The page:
A similar lawsuit was filed in August by Republican voters along with the Republican National Committee and the Republican Party of California, who argue that this a political maneuver that takes voting rights away from Trump’s supporters.
After the initial lawsuit was filed, Newsom responded.”There’s an easy fix Mr. President — release your tax returns as you promised during the campaign and follow the precedent of every president since 1973,” the governor tweeted.
Trump’s team of private lawyers has been on the offensive in recent weeks, filing lawsuits to thwart attempts by Democrats to see his tax returns. They’ve filed a handful of lawsuits in federal courts across the country, mainly to stop House Democrats from seeking the tax returns through the Trump family and the Trump Organization’s banks, an accounting firm or under a New York state law.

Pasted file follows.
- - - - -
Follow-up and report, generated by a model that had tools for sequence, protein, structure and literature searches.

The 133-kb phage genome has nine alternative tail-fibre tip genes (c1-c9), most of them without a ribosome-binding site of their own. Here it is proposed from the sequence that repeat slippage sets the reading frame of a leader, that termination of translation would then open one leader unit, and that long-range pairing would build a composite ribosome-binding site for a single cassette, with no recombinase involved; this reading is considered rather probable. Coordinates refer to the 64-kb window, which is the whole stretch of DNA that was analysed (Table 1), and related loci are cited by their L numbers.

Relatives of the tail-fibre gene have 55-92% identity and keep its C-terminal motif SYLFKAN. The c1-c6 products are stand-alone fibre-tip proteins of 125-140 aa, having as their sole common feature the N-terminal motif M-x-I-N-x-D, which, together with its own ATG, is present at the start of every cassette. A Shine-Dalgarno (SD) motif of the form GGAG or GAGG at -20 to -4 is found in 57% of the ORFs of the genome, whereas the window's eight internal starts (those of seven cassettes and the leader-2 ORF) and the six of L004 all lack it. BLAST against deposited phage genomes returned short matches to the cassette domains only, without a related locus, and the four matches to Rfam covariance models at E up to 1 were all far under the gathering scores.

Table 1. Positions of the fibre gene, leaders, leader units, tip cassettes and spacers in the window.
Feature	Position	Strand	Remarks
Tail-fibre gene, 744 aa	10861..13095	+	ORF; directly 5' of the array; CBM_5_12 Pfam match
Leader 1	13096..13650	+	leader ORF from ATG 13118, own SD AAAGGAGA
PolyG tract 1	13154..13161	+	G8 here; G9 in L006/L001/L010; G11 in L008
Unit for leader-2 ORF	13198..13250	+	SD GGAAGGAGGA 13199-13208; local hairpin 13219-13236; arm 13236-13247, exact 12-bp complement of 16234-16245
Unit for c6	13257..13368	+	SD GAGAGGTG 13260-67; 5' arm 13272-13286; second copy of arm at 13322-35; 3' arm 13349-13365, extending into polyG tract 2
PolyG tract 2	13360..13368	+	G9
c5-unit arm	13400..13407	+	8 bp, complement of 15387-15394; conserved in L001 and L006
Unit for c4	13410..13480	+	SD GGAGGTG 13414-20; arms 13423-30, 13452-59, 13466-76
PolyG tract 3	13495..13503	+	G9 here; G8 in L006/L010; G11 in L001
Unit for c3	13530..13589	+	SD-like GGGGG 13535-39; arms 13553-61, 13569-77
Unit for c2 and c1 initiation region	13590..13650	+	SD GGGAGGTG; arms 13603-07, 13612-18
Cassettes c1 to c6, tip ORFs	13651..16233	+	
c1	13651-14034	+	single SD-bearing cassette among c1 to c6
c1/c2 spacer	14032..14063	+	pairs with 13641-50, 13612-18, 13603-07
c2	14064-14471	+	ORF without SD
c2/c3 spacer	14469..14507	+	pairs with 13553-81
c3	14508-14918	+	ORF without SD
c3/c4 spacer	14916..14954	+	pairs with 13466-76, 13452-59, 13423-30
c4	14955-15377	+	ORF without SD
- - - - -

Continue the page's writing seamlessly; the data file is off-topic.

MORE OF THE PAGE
In court last month, England noted that while the law covers all presidential candidates, it was aimed at Trump.”The elephant in the room is President Trump’s tax returns,” England said.”Trump spawned this when he broke 50 years of tradition” by not releasing them, argued Peter Chang, a lawyer for California.
A lawyer for Trump, Thomas McCarthy, countered that the law “handicaps” the candidate who wants to keep tax returns private. He also argued the law could create a slippery slope that might lead to more extreme candidate disclosures like mental and physical information.
As noted, the ruling handed down last week expands upon the ruling from the bench that Judge England, who was appointed to the Court by George W. Bush in 2002 and served as Chief Judge of the U.S. District Court for the Eastern District of Virginia from 2012 to 2016, had issued late last month. That ruling, though, was temporary while this ruling has resulted in an injunction that will remain in place until a final ruling by the court or until the stay is overturned by a higher court. One thing this means is that the first deadline for compliance, which would have come in November in order to appear on the March primary ballot will most likely pass without candidates having to comply with the ruling. Effectively, that probably means the law will have no impact on the 2020 election whatsoever since it does not apply to General Elections.